The Pandemic – A Catalyst for Positive Change
So much has changed in the workplace since the start of 2020. Driven by the work-from-home rule and national lockdown, companies could no longer argue against flexible home-working, in fact in some cases it actually increased productivity, and profitability. On the flip side, many of us discovered that working from home can be isolating, demotivating, and downright difficult, all depending on personal circumstances, and individual preferences.
Throughout 2020 and 2021, as Covid swept through all our lives, it brought with it drastic changes to how we lived and worked has. The constant narrative across media platforms and our collective experience, emphasised the fragility of our planet and made us stop and consider our core values.
For most of us, those priorities are looking after our physical and mental health and our families, and concern for the environment.
During the long months of the pandemic, millions of us turned to nature for support, in 2021 the Mental Health Foundation took the theme of ‘Nature’ for Mental Health Awareness Week. Working with the University of Cambridge, Swansea University, the University of Strathclyde, and Queen’s University Belfast, The Mental Health Foundation is leading an ongoing, UK-wide, cross-sectional study of how the pandemic is affecting people’s mental health.
Their research showed going for walks outside was one of our top coping strategies, with 45% of us reporting that being in green spaces had been vital for our mental health. Websites that showed footage from webcams of wildlife, saw hits increase by over 2000%. Wider studies also found that during lockdowns, people not only spent more time in nature but were noticing it more.
Biophilic Design – The Connection Between People and Nature
Nature is a powerful antidote to stress. If you think about how different you feel when you are in a city centre location, compared with how you feel when you are in a rural, natural setting, for example walking through a field or sitting in your garden, you’ll already begin to understand the concept of biophilia and the positive emotional and physical impact it has on you.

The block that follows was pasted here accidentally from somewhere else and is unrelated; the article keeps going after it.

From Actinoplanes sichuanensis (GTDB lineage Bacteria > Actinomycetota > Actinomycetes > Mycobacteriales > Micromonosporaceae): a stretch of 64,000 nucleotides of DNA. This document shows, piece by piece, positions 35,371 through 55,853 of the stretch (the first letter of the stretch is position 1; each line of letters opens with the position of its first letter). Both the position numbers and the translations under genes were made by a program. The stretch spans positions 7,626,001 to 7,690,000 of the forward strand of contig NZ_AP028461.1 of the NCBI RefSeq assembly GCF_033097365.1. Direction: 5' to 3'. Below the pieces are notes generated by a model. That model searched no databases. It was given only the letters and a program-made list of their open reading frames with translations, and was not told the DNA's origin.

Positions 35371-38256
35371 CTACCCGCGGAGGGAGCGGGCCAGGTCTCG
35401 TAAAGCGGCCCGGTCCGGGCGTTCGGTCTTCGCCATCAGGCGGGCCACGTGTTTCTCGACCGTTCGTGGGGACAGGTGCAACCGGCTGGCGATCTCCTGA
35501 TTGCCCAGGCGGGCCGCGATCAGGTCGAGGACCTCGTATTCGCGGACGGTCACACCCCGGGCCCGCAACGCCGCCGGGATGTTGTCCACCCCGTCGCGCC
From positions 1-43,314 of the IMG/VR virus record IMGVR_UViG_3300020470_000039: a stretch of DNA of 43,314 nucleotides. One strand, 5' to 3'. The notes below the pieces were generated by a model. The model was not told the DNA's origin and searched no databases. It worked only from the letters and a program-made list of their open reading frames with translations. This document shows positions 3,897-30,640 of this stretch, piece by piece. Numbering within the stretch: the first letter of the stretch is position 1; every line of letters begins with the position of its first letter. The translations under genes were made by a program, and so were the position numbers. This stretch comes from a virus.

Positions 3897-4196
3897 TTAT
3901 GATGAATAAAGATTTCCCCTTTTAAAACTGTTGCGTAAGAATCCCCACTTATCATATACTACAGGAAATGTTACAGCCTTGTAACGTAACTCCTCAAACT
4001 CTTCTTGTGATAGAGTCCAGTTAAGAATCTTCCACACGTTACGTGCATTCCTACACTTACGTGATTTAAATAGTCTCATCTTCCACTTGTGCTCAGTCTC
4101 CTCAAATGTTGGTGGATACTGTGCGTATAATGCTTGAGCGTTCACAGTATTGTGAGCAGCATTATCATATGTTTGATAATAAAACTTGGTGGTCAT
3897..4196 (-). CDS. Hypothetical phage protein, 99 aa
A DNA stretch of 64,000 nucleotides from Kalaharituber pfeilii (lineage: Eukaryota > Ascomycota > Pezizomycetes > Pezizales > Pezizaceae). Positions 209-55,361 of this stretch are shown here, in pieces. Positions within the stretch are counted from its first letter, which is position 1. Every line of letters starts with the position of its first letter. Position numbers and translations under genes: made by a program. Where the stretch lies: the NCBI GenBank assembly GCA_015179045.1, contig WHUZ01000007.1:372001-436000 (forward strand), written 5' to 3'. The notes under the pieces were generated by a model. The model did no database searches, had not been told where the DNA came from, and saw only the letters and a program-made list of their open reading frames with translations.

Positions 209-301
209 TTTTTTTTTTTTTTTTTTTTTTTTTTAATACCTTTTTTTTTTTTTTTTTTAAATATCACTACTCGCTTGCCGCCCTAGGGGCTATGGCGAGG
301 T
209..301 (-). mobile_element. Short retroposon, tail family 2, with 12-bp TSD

Being in nature helps us to feel calm, peaceful, and happier. This mental state, in turn, improves our health, directly affecting heart rate and blood pressure and positively impacting the healthy functioning of our autonomic nervous system, the operating system that keeps us in a state of balance and runs all major functions in our body.
The word biophilia means love of life and living things bio = life and philia = the love of something, the opposite of phobia, the concept that we as humans have an innate desire to be connected to nature.
In the UK we spend around 90% or more of our time indoors, so it is important that we are creating the best possible indoor environments, bringing the outdoors inside, or at least the sense that we are enriching our surroundings to feel more connected with nature. This does not have to be difficult.
It’s about including all your senses and making the most of plenty of natural elements; natural light, plants, water features, natural colour palettes for décor, and rich variation in textures and styles for soft furnishings, echoing nature. For example, natural woodgrain and artwork depicting nature.
Views from windows are also very important. In urban areas, we can help create better views by making spaces greener with living walls and green roofs or by creating pocket parks. Adding more planting to terraces and balconies is another simple and effective strategy. In built-up areas every space is important and by selecting natural native UK species of flowering plants, we can also improve biodiversity and support pollinators like bees and butterflies.
Supporting ESG Brings Competitive Advantage
Sustainability and wellbeing are now at the front of the mind for individuals and organisations. We now have the opportunity to build the future we want rather than stay on the track we were on before the pandemic hit.